Manaus, for example, raised a mosque just three years ago. Where there is no possibility of erecting temples, the community finds a way to propagate religion. Four months ago, a former evangelical Cesar Mateus Rosalino today under the name of Muslim Kaab Al Qadir, has built a Mussala (meeting room) in the slum called Cultura Física, Embu das Artes, in the metropolitan region of São Paulo, where he lives. The site, which was named Mussala Rahmah, Muslim Kaab displays a beard worthy of a true Muslim and receives approximately 20 people at some meetings. The site has featured even with the presence of a Mozambican Sheik. "We struggled to get a space here because there is no possibility for our brothers to cross the city to go to the nearest mosque which is three hours away," says Kaab, who enrolled his son in a Turkish school this year. The 10 year old boy, named Bryan Luther King, goes deep on intensive Islamic studies. "He wants to be the first Muslim doctor," his father says proudly.

PIONEER : Yussuf, 53 years old, is the first Brazilian to chair the Islamic Center of Bahia.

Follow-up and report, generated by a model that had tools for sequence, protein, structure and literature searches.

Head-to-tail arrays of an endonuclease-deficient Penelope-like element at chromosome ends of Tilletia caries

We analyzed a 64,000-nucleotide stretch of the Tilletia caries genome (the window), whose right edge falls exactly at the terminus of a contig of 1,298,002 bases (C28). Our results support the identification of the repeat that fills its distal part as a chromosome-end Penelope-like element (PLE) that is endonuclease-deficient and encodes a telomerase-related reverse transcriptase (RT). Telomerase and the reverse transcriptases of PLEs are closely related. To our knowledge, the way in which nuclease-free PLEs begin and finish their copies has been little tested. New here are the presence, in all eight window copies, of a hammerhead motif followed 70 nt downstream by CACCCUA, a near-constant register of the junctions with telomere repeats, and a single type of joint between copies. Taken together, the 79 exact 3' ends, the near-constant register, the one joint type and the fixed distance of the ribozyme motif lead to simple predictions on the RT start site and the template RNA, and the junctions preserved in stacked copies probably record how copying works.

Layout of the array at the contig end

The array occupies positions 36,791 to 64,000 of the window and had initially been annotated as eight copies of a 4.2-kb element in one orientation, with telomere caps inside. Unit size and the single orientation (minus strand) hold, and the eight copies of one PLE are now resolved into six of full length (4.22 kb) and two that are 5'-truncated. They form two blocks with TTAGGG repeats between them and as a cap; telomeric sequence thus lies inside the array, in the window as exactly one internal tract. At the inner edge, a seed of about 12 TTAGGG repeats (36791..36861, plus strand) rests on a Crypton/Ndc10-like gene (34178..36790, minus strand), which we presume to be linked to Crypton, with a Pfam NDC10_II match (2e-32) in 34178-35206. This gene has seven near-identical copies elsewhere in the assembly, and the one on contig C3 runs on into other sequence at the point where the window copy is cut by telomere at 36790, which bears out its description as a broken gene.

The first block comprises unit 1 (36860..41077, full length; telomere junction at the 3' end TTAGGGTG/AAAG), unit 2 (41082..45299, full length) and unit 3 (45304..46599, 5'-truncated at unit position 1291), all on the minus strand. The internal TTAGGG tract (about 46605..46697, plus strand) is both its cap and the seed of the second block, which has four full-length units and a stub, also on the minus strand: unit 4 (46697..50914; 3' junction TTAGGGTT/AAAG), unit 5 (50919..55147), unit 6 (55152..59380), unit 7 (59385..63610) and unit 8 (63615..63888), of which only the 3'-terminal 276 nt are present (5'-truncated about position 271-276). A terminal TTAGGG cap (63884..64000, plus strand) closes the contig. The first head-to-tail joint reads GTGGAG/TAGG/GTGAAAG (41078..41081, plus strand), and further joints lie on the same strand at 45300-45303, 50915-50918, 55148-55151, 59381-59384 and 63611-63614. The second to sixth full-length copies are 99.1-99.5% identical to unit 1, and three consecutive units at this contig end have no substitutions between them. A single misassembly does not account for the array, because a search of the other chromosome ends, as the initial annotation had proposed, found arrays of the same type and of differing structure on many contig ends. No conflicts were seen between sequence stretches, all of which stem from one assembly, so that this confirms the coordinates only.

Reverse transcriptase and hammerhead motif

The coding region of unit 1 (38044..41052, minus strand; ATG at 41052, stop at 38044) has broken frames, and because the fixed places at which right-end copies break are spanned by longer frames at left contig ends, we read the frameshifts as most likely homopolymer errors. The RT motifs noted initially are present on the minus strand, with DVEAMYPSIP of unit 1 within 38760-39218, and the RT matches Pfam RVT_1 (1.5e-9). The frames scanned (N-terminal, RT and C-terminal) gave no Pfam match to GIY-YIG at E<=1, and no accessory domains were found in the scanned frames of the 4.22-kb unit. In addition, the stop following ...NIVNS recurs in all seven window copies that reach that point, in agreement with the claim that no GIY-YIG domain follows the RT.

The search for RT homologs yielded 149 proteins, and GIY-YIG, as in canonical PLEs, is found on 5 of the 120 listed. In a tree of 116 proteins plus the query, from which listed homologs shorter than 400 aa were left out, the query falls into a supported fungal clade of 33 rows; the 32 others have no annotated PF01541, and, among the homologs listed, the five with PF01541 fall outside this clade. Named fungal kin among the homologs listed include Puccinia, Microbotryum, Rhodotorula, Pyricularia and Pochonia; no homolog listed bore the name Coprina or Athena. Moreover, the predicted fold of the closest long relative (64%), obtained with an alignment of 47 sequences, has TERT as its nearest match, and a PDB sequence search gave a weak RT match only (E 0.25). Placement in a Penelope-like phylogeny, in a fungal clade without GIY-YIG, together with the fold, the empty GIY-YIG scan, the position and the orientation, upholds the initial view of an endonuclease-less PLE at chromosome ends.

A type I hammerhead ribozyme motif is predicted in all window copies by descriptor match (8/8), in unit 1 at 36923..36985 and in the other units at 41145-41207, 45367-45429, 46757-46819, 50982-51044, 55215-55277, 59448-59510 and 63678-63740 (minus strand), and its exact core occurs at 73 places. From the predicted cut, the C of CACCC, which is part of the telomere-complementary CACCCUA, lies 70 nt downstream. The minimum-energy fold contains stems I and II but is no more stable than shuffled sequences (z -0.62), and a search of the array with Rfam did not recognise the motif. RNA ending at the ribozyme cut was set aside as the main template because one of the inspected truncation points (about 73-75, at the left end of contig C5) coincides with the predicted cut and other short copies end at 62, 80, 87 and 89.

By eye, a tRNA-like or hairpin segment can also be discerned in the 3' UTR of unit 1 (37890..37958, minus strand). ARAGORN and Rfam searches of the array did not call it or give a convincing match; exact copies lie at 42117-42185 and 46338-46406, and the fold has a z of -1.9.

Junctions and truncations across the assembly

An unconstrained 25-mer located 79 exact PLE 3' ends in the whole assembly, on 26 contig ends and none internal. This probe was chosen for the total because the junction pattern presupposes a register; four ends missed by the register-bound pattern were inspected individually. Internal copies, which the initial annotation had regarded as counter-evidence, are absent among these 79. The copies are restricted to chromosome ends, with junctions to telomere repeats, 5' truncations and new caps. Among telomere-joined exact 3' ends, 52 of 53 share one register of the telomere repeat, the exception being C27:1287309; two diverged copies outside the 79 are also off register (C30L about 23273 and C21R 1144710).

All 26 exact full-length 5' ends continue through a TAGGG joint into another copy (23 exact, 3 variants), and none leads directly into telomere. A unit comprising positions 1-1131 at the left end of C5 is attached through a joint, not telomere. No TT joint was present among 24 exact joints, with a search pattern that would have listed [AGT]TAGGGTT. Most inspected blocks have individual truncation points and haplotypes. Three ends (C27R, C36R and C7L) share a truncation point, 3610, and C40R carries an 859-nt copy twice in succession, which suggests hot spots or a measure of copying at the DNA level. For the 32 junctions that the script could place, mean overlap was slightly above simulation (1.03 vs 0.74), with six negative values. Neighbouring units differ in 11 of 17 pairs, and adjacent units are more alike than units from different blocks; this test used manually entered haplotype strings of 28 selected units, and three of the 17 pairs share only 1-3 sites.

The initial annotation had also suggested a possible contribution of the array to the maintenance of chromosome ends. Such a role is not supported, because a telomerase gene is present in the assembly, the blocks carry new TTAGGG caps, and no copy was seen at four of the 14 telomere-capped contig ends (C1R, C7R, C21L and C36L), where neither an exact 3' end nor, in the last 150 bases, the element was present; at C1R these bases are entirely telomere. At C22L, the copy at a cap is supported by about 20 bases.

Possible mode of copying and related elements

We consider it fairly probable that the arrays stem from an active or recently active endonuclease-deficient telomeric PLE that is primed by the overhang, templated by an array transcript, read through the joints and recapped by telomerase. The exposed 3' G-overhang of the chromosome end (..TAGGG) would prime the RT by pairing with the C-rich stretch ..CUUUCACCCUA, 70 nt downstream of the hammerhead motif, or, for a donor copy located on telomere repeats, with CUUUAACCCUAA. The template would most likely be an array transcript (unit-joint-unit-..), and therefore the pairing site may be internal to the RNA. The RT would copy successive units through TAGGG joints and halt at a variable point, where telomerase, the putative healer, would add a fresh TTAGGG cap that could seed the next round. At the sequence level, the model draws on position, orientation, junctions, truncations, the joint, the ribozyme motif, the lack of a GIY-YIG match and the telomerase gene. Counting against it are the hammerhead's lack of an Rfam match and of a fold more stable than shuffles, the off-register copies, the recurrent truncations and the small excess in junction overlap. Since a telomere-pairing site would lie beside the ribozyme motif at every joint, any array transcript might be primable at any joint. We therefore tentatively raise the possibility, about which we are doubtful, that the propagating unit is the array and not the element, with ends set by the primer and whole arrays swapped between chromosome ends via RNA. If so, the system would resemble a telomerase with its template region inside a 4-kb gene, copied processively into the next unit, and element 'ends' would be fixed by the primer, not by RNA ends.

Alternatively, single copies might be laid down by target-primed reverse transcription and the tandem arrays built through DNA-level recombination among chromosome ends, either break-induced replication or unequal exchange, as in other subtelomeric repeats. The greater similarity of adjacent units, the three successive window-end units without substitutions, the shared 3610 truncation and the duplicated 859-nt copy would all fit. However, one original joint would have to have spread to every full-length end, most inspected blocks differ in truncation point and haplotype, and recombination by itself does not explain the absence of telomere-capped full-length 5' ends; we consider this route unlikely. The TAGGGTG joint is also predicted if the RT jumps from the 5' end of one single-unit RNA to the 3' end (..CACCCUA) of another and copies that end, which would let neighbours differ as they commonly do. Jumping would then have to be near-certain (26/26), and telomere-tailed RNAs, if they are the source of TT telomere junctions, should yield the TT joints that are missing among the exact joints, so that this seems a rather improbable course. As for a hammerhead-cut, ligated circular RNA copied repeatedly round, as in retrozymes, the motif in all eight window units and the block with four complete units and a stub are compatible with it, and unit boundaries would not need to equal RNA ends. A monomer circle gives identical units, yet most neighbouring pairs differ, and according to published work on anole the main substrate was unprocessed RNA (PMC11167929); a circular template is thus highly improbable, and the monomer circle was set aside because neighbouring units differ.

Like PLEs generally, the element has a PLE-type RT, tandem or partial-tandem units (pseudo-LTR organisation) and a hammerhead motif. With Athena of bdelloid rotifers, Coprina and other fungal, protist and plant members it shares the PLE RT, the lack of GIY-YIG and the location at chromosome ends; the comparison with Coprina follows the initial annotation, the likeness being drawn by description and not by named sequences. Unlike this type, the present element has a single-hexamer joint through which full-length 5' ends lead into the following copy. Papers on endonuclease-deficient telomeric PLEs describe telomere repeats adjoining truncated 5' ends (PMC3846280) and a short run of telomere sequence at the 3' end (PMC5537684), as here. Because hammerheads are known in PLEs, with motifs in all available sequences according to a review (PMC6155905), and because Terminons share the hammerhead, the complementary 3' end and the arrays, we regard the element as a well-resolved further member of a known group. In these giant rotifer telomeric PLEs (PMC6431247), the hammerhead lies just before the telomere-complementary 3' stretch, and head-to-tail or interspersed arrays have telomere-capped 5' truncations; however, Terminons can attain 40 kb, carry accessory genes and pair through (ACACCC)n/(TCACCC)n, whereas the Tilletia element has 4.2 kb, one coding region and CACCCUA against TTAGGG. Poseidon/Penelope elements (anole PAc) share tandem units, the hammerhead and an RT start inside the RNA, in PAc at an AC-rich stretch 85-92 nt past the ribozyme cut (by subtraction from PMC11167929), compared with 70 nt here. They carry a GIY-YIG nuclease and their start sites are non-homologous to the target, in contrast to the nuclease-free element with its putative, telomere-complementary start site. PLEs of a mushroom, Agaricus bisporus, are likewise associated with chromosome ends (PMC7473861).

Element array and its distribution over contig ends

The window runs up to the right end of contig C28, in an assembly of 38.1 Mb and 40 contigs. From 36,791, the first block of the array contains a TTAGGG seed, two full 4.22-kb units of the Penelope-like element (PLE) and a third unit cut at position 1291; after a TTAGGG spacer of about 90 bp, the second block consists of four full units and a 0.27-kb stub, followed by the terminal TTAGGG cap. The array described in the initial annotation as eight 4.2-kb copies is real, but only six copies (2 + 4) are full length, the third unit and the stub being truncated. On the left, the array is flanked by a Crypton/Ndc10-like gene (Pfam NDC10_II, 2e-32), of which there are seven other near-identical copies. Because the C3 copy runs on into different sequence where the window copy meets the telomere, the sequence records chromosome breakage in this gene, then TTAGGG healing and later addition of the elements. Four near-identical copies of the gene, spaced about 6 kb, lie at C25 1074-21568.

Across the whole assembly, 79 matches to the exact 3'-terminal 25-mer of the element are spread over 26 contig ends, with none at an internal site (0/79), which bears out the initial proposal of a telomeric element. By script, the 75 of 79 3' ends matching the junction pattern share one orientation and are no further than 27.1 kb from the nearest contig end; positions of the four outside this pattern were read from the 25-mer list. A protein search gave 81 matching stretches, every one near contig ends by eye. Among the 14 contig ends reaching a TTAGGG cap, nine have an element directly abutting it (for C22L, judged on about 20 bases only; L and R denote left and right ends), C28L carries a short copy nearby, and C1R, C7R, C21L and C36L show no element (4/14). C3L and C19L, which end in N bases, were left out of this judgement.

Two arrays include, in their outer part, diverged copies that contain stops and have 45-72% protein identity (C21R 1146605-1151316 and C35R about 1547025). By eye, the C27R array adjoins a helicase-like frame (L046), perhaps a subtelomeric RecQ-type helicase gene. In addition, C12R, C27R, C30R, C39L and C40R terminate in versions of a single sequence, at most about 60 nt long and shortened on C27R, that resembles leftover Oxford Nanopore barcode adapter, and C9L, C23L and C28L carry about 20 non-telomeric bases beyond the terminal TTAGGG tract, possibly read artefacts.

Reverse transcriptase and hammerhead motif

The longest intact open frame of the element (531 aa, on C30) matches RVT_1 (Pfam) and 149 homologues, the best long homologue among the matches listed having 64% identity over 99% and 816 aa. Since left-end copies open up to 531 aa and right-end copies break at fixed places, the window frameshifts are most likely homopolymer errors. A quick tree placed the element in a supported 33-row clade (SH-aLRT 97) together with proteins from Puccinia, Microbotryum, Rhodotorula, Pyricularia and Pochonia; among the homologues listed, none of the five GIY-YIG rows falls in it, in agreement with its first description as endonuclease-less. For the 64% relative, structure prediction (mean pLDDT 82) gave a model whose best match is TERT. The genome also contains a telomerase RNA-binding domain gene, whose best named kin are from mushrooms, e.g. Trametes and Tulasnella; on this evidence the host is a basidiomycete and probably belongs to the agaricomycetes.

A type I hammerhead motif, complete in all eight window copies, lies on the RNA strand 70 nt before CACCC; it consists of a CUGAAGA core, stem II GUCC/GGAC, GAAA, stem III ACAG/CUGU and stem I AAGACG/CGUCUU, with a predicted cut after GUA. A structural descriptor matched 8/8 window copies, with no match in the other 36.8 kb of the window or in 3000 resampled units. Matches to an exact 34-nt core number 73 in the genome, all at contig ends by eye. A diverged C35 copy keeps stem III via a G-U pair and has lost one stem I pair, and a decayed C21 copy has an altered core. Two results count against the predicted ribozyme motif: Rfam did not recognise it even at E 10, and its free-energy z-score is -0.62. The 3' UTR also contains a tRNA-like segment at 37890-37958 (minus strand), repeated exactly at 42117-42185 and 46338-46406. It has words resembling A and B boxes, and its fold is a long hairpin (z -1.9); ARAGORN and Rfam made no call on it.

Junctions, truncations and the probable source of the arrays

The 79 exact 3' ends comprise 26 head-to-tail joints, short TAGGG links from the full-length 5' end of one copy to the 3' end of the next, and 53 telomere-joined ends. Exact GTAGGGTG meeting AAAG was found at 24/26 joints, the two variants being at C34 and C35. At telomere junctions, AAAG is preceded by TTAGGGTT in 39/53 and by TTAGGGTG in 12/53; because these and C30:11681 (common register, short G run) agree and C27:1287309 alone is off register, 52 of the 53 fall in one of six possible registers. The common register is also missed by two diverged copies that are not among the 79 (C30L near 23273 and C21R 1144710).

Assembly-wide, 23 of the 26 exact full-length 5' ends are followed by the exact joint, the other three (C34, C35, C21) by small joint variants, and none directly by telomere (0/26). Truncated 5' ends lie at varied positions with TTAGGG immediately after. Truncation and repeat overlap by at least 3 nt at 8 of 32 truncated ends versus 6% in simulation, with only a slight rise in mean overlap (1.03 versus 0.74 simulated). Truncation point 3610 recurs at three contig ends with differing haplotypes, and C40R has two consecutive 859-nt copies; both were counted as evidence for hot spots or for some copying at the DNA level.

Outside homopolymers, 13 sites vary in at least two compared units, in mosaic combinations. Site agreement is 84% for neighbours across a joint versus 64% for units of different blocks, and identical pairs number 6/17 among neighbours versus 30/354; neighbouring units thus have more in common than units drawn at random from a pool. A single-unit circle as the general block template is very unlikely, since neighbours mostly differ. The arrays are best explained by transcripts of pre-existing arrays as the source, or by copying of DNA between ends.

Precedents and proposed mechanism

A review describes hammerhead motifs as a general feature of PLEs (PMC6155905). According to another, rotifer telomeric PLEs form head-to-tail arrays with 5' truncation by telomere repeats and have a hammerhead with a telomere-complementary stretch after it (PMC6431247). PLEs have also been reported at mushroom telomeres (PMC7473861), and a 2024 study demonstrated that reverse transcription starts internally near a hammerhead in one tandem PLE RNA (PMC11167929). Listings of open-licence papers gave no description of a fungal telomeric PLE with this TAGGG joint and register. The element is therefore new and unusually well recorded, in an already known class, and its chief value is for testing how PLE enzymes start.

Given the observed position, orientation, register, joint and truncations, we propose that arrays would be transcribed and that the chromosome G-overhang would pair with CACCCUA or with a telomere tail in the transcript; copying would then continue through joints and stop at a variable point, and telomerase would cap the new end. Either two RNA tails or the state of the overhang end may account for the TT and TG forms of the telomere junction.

To Franciros y Ferreira, coordinator of the Group of Anthropology in Arab and Islamic Contexts, the higher frequency in the use of Portuguese in the daily lives of mosques, Islamic organizations and mussalas, is one of the main factors driving the advancement of religion. "There are leaders speaking and teaching Islam in Portuguese.This helps in the understanding and dissemination of religion”, says the professor of anthropology at the Department of Social Psychology at the University of São Paulo (USP). Sheikh Jihad, 48 years old, works in São Bernardo do Campo, one of the largest Muslim communities in Brazil, and is one of 15 religious leaders who speak fluent Portuguese. One Friday afternoon, after making due obeisance at the Abu Bakr Assidik Mosque, surrounded by approximately 300 Muslims, including men and women, children and elderly, he explained to ISTOÉ that formerly Portuguese language was not adopted because the Sheiks landed in Brazil coming from an Islamic countries with the will to return to their homeland one day. "That did not encourage them to devote to the Portuguese language. Currently, the approach to language is higher because most who come to Brazil intend to settle here”, he says.